Canada
National Parks Act was assented on October 20, 2000 and has been amended since.Contents1 Park lands1.1 National parks 1.2 National parks reserves 1.3 Wilderness areas2 Establishing parks 3 See also 4 References 5 External linksPark lands[edit] National parks[edit]Banff Park - Canada's first National ParkThe Act enables Parks Canada
Canada
to designate and maintain national parks and national park reserves. Within these, additional wildland areas may be designated
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James B. Harkin
James B. Harkin (30 January 1875 – 27 January 1955), also known as the Father of National Parks, was a Canadian-born journalist turned bureaucrat with a passion for conservation but also widely renowned for his commodification of the Canadian landscape. Harkin began his career as a journalist under the umbrella of the Ottawa Daily and Montreal Herald, two conservative newspapers at the time, but soon through his persistence and prowess gained entry into civil service during his mid-twenties. Under the tutelage of some influential figures working for the Liberal Party of Canada, most notably Clifford Sifton and Frank Oliver, Harkin was able to acquire an appointment to be the first commissioner of the Dominion Parks Branch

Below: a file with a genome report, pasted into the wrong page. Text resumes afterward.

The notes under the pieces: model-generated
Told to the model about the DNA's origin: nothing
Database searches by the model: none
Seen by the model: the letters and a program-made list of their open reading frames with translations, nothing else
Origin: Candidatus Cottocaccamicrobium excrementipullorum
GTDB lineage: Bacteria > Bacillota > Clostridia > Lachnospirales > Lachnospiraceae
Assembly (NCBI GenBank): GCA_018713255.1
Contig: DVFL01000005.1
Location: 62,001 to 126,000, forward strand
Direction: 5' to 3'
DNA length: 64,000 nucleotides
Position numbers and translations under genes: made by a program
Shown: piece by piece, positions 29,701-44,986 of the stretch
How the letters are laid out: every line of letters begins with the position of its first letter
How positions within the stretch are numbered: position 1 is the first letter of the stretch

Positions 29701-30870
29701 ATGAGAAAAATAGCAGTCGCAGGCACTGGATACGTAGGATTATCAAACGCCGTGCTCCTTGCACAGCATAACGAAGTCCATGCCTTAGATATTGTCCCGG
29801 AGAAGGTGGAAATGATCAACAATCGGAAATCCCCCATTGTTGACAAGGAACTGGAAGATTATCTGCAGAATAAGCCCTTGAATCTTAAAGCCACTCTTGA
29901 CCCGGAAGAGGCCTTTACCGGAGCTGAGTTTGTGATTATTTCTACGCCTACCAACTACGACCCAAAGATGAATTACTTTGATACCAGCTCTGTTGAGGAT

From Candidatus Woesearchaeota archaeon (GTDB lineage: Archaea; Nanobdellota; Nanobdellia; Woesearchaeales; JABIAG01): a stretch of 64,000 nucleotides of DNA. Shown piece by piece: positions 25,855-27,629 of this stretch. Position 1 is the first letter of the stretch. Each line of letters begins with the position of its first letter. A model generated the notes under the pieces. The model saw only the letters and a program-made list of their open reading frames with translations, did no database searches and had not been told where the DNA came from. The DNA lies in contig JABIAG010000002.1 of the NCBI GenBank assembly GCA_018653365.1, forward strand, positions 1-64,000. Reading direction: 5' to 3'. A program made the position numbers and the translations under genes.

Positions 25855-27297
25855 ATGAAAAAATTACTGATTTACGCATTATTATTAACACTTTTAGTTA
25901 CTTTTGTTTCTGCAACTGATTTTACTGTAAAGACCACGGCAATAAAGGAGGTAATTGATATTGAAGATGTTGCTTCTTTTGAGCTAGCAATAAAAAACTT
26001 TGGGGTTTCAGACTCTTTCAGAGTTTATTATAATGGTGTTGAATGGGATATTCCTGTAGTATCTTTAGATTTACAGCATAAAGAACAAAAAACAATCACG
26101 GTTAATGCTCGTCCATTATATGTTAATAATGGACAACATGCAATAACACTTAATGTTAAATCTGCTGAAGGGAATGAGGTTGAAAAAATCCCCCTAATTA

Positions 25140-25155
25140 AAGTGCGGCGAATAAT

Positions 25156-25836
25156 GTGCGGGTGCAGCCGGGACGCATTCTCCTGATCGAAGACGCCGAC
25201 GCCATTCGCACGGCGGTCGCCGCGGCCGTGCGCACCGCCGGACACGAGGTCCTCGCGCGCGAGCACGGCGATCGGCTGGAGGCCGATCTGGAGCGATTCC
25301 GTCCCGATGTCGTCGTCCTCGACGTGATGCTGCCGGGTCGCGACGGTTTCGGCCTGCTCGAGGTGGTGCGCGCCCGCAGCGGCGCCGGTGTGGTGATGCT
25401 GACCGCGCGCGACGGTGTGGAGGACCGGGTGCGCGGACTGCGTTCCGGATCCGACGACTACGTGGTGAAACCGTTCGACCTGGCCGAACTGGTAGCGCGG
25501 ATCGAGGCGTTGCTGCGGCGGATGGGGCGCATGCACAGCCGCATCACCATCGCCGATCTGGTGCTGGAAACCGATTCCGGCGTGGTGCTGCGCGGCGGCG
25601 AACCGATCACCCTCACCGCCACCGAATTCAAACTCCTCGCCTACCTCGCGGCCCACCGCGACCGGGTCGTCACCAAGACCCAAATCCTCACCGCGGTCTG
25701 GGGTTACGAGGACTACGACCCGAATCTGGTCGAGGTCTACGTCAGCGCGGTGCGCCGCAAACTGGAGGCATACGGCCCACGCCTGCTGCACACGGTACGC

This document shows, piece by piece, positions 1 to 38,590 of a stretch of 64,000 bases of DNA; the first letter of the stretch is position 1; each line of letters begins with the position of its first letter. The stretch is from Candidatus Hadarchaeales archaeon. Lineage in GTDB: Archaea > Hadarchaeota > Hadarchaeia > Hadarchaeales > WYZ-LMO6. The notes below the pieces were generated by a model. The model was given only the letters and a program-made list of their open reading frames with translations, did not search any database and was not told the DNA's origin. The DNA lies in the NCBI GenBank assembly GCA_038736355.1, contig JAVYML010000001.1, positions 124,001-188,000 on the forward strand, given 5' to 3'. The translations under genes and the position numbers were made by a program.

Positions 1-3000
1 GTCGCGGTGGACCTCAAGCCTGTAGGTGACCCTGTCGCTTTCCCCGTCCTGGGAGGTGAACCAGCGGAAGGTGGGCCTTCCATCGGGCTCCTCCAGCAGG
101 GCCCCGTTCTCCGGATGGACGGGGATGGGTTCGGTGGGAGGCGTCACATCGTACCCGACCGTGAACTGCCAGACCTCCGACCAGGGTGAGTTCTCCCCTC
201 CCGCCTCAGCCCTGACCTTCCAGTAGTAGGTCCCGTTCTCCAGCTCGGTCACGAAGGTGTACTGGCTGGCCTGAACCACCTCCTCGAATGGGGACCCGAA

Dominion Parks Branch
in 1911
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National Park